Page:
The last time the Celtics were in Los Angeles, they were ready to wrap up their 18th NBA title. They took a four-point lead to the fourth quarter, only to watch it evaporate in front of their eyes, helping ensure the Lakers would walk away with the hardware.
While the stage was admittedly much smaller on Sunday, the Celtics earned what may have been their biggest win of the season, and they did so thanks in large part to a resilient fourth-quarter performance.
The Celtics took a 77-72 lead to the fourth quarter on Sunday after trailing at halftime. However, with fate of Game 7 looming, and with a bit of a reputation for failing to close out games, the lead was not safe. When the Celtics pushed their lead to 91-83 halfway through the fourth, things looked even better.
On cue, however, Kobe Bryant was able to cut the lead in half, forcing Doc Rivers to burn a timeout.
With 5:19 to play, the Celtics found themselves in an eerily familiar place. Not only that, the team was looking at a win slip away in the midst of a less-than-impressive road trip.
The Celtics, on the other hand, had different plans for Sunday.
While it wasn’t the NBA Finals, the C’s went on a prolonged 18-9 run in the final 5:19 to ice the 109-96 win. They got contributions from everyone. Kevin Garnett got things going with a jump shot, and also had an alley-oop and an assist mixed in. Rajon Rondo picked up five of his 15 second-half assists. Paul Pierce got in on the act adding to his team-high 32 points. Even Glen Davis scored a couple of key buckets.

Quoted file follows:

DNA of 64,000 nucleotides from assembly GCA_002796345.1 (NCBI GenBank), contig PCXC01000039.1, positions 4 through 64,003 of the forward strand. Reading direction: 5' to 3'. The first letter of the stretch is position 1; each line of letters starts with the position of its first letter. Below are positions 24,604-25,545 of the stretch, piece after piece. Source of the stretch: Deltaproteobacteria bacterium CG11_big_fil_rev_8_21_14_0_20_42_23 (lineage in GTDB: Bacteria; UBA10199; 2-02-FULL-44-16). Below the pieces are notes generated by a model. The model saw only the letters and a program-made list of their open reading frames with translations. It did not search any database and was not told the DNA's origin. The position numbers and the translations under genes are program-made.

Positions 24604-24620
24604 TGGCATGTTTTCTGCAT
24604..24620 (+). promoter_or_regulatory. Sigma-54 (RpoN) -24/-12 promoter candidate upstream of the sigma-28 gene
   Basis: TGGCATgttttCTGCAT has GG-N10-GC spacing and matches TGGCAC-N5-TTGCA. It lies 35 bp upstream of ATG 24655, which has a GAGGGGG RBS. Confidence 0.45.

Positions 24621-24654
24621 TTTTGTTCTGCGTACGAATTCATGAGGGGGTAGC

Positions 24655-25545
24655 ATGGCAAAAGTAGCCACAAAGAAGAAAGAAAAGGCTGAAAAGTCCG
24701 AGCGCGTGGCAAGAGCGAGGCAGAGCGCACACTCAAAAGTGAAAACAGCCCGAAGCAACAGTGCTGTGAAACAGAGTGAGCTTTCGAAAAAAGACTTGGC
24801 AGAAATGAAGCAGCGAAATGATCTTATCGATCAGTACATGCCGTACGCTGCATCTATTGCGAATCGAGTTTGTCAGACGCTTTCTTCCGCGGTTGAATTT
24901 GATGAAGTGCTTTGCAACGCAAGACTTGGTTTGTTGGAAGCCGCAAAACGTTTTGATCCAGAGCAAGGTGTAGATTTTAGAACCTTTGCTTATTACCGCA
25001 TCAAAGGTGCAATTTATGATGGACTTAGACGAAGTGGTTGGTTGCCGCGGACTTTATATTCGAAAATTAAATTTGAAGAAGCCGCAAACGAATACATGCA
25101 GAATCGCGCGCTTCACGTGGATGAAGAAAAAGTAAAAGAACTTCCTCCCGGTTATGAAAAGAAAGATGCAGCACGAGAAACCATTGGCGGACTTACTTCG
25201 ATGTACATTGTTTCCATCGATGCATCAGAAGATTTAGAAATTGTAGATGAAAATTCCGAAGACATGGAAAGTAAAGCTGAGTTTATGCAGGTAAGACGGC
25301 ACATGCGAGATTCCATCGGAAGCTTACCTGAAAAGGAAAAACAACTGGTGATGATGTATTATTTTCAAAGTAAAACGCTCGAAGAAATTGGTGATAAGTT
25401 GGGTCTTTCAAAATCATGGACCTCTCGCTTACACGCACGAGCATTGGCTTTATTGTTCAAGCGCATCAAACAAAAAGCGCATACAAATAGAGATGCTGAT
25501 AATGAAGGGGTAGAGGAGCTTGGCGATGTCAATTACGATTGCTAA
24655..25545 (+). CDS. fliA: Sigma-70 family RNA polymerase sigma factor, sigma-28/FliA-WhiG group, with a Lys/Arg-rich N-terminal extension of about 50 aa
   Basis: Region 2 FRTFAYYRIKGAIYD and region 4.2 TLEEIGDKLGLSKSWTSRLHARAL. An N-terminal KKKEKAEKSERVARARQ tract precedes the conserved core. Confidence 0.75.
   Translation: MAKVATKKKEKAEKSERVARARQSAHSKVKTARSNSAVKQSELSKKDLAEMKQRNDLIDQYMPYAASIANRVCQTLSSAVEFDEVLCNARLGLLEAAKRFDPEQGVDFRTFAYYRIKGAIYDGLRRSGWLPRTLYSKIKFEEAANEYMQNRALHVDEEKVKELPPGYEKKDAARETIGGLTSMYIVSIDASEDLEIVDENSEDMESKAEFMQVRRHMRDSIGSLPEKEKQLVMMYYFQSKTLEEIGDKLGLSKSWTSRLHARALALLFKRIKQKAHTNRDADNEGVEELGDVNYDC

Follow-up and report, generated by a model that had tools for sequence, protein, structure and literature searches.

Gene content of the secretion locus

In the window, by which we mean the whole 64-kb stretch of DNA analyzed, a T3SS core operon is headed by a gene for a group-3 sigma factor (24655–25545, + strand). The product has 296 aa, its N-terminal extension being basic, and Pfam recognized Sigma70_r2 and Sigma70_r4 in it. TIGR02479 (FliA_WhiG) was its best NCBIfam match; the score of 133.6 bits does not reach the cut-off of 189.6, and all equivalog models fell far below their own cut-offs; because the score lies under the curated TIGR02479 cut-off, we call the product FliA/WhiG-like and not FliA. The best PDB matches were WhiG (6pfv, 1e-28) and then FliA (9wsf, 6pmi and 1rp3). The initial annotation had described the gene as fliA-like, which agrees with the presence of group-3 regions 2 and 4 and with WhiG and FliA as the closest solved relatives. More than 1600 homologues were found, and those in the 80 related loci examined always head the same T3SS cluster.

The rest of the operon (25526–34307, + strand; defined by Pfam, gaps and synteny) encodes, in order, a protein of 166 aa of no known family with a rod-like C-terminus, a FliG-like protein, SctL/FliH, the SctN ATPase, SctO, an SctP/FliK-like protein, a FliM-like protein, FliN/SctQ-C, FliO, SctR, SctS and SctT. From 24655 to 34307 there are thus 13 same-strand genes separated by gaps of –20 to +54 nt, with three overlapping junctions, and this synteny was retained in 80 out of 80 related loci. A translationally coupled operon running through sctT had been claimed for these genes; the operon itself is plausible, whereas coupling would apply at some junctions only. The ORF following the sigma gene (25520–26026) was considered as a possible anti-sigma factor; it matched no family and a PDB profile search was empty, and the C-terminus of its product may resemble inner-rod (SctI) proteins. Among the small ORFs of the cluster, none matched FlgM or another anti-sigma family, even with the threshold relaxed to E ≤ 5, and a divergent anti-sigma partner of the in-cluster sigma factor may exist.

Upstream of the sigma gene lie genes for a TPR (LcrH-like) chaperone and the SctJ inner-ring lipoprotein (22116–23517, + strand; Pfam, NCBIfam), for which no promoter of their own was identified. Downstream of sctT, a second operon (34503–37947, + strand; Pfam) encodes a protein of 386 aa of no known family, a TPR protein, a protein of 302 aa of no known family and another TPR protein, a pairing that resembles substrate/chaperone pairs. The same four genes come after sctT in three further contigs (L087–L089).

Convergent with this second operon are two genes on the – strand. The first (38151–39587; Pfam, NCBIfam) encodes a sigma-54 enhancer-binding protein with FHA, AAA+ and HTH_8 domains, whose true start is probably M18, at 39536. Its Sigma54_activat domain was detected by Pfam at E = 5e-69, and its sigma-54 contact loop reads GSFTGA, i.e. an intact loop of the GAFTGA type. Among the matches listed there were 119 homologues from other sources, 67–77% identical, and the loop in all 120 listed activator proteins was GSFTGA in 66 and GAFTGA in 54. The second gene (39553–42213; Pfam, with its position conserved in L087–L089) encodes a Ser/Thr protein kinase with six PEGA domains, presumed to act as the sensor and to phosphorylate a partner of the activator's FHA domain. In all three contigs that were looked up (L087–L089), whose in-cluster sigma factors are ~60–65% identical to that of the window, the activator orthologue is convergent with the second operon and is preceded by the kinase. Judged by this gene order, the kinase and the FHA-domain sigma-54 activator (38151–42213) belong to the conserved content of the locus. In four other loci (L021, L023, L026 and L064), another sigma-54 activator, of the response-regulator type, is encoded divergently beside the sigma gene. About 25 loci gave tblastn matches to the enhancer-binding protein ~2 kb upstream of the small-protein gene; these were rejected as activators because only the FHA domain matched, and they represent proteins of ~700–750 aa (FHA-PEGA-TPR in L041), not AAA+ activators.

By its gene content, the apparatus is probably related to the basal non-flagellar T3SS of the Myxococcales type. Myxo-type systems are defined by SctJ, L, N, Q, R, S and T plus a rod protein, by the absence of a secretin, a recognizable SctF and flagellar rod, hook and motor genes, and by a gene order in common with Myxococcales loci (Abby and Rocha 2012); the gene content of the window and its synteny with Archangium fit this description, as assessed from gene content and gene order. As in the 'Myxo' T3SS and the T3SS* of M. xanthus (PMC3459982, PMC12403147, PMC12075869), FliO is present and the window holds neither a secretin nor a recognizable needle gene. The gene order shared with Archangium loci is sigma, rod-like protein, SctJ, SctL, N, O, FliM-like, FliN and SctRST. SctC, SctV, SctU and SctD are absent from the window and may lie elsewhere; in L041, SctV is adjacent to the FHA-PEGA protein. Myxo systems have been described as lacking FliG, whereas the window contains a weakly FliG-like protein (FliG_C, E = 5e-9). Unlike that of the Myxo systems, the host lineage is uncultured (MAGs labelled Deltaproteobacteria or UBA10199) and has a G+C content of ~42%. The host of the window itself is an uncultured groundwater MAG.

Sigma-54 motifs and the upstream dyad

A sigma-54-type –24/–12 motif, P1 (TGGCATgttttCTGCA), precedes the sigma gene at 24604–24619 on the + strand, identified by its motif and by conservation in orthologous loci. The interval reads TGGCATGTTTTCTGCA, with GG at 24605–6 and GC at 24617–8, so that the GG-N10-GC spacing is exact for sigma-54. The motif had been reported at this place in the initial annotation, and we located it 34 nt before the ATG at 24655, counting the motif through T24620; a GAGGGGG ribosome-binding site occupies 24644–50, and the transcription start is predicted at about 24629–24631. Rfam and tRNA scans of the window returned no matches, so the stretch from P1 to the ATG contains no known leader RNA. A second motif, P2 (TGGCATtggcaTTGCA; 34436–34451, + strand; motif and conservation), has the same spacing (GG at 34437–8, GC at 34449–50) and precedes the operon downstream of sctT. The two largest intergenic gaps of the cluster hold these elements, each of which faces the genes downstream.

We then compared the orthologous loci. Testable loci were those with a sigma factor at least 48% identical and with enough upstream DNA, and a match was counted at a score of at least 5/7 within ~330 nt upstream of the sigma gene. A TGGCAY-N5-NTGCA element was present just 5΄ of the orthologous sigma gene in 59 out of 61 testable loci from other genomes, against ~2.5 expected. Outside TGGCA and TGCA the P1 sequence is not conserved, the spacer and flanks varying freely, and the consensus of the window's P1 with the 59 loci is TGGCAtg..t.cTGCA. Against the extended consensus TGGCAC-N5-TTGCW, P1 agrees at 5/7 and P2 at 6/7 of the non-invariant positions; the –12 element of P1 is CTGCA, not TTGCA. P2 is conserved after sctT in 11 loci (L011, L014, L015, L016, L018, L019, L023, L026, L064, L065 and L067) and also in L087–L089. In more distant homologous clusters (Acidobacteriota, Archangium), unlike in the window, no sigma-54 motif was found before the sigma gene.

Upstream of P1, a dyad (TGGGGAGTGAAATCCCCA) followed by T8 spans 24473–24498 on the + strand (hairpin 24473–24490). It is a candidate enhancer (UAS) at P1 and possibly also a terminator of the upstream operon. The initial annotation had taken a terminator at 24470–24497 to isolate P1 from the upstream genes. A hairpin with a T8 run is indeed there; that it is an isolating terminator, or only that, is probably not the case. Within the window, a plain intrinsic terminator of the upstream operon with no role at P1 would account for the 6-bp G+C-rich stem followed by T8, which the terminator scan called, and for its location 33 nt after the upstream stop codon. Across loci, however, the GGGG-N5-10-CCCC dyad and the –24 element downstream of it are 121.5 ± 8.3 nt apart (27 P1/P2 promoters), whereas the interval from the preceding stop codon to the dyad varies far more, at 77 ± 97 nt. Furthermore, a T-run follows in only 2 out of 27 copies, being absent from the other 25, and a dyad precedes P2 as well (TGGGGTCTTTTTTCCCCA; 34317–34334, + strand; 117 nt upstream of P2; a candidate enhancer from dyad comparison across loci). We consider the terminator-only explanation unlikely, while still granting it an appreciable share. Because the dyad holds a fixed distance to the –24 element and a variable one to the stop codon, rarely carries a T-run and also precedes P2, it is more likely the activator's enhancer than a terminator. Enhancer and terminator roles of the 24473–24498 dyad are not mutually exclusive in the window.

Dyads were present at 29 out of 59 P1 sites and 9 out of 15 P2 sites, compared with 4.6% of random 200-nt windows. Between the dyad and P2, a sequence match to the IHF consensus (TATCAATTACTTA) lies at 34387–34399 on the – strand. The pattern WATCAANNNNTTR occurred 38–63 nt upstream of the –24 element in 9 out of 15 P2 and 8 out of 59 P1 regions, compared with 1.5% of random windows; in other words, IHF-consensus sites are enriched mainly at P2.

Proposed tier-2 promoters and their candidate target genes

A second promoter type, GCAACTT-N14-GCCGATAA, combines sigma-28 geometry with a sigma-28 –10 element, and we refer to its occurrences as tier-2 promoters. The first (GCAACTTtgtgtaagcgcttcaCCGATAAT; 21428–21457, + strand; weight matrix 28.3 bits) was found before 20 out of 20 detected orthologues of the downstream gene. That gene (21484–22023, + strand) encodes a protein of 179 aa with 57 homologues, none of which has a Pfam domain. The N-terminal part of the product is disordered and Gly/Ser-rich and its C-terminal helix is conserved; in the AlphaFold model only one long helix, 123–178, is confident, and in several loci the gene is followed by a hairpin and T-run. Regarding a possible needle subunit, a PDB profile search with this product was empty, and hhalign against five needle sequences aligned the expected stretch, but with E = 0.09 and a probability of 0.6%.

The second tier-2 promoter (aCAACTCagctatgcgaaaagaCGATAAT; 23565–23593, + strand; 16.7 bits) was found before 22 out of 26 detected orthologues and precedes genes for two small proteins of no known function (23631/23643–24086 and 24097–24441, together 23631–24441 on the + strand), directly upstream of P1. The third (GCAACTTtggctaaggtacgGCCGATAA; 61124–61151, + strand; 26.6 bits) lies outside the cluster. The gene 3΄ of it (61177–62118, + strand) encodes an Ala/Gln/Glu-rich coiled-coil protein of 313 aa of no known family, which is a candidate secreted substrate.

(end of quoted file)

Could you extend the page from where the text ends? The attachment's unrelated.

The Celtics reverted to the type of play they had gotten away from in the last couple of games.
They looked like the team everyone expected them to be. The C’s got back to playing suffocating defense. The Lakers picked up five of those nine points during the Boston run in the last minute when it no longer mattered.
When they forced misses, they crashed the boards. A lot was made in the wake of the Game 7 loss of Boston’s struggles on the glass. They drastically turned the tables on Sunday, out-rebounding the Lakers 43-30, led by Garnett’s game-high 13 boards.
The Celtics also got back to moving the basketball. Rondo’s 15 helpers in the second half obviously proved that, but on the afternoon, the Celtics shared the basketball from start to finish, dominating the assist battle easily, 34-20. Bryant, by the way, scored a game-high 41 points, but had a grand total of 0 assists.
Sure, you need perspective, as well. At the end of the day, it was one of 82 regular-season games, one that took place in January even. But what it hopefully does, from a Celtics standpoint, is reaffirm that they are one of the game’s more dominating teams. Maybe Sunday’s performance helps springboard a stretch of more consistent play for a team that’s struggled at times all season with finding consistency.
Playing well now will obviously only benefit them in the long run. They saw firsthand last season, at Staples Center, what homecourt advantage can do.
If the Celtics play like they did on Sunday, however, that won’t matter.
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